Gabbard: To avoid war, the president needs to talk to NKorea

Updated: Oct. 17, 2017 at 4:44 PM HST
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HONOLULU (HawaiiNewsNow) - President Trump should "engage directly" with North Korea's Kim Jong Un in order to resolve a worsening diplomatic crisis with the country, U.S. Rep. Tulsi Gabbard said Tuesday on CNN.

She also said that the United States should do away with long-held conditions for those talks.

Gabbard, D-Hawaii, made the comments a day after North Korea's deputy U.N. ambassador warned that the situation on the Korean peninsula "has reached the touch-and-go point and a nuclear war may break out any moment."

North Korea and the United States have been engaged in increasingly heated rhetoric for months, and the president has at times said that attempting to negotiate with the rogue nation is a waste of time.

Despite that, U.S. Secretary of State Rex Tillerson has continued to pursue a diplomatic resolution to the crisis and recently said on CNN that talks will continue "until the first bomb drops."

Tillerson has also said that he has direct lines of communication with North Korea.

On Tuesday, Gabbard said the nuclear threat from North Korea is "an existential one" for Hawaii, and she urged the president to start talks.

"One of the major reasons why these negotiations have failed in the past is because there have always been these pre-conditions set that have frankly been a fantasy. They have not been realistic," she said.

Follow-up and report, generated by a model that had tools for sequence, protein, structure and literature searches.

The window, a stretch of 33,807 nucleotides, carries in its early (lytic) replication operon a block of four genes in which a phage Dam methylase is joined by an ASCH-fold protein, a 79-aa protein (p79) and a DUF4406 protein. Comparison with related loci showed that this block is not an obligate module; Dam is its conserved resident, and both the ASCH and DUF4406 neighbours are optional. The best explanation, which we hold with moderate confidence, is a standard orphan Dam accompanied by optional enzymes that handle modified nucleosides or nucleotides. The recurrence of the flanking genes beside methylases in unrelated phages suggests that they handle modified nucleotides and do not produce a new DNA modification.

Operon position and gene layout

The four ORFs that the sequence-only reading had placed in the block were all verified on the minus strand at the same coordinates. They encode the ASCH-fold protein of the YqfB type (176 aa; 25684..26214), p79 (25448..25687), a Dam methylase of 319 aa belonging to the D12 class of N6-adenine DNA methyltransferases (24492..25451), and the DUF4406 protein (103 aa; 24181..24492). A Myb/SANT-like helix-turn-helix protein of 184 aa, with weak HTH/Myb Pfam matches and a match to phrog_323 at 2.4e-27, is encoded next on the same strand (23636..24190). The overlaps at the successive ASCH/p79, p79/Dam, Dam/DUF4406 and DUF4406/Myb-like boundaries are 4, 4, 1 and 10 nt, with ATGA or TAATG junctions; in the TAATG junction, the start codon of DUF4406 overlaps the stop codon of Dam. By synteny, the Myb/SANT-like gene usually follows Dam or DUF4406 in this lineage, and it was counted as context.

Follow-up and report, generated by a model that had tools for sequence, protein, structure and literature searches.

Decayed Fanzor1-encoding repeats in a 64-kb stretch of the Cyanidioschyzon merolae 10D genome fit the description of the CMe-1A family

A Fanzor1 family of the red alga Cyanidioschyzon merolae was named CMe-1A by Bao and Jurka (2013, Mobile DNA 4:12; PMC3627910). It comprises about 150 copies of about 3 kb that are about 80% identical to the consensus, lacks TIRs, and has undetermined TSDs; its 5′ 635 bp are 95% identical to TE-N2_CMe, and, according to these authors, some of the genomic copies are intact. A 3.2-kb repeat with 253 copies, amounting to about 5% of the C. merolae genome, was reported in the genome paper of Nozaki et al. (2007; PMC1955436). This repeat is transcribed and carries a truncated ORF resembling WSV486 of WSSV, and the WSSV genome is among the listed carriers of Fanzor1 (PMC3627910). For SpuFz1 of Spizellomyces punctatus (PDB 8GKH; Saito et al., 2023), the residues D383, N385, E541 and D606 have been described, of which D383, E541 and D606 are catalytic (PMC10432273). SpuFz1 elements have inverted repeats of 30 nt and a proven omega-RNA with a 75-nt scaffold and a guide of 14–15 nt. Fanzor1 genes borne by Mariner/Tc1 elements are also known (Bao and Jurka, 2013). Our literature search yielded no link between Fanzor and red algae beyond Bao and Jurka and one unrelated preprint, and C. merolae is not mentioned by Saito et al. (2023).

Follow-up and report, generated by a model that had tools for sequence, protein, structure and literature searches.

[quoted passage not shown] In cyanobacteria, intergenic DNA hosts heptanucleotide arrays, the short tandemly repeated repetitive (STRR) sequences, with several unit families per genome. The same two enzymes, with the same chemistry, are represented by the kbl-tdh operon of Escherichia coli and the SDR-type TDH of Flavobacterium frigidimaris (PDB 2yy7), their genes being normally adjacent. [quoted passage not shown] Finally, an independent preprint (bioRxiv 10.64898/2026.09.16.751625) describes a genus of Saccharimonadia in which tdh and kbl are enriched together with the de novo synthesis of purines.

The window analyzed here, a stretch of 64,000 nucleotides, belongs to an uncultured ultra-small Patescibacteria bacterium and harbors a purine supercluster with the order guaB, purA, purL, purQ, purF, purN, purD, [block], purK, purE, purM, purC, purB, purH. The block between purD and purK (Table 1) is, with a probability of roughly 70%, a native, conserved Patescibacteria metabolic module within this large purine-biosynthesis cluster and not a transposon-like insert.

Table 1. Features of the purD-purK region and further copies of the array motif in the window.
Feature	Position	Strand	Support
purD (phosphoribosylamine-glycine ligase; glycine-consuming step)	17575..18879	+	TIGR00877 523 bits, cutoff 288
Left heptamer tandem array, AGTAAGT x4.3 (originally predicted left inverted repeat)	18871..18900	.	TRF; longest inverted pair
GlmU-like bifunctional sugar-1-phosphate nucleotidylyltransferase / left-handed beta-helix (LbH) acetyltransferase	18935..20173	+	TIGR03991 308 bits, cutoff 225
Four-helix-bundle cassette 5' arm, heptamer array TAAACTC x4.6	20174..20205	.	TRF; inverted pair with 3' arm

She continued, "To say for example that 'we will not negotiate or speak directly with North Korea until they get rid of their nuclear weapons program' is a fantasy because it points to the fact that we are not recognizing why North Korea's built this nuclear weapons program in the first place: To protect themselves from the threat of the United States of toppling their regimes."

Gabbard added, "If we understand that our history of interventionist regime change policies have brought North Korea to this place of holding onto nuclear weapons as the only deterrent against regime change, then we can begin to understand how important it is to have this direct conversation that could ultimately result in saving so many lives."

As tensions with North Korea have worsened, Hawaii became the first state in the nation to launch a campaign aimed at educating residents and visitors about the unlikely but not impossible threat of a nuclear attack.

Next month, Trump will stop in Hawaii before launching a tour of Asia. On the trip, he'll visit South Korea, and there's speculation that he might go to the DMZ, the demilitarized zone that separates the South from the North.

On Tuesday, U.S. Mazie Hirono said she hopes the president does make it to the DMZ.

"The more the president sees the reality of the situation and what the North Koreans have amassed on the boarder ... the more he deals with reality and is able to incorporate that into his decisions, the better all of us will be," said Hirono, D-Hawaii, during an interview on CNN.

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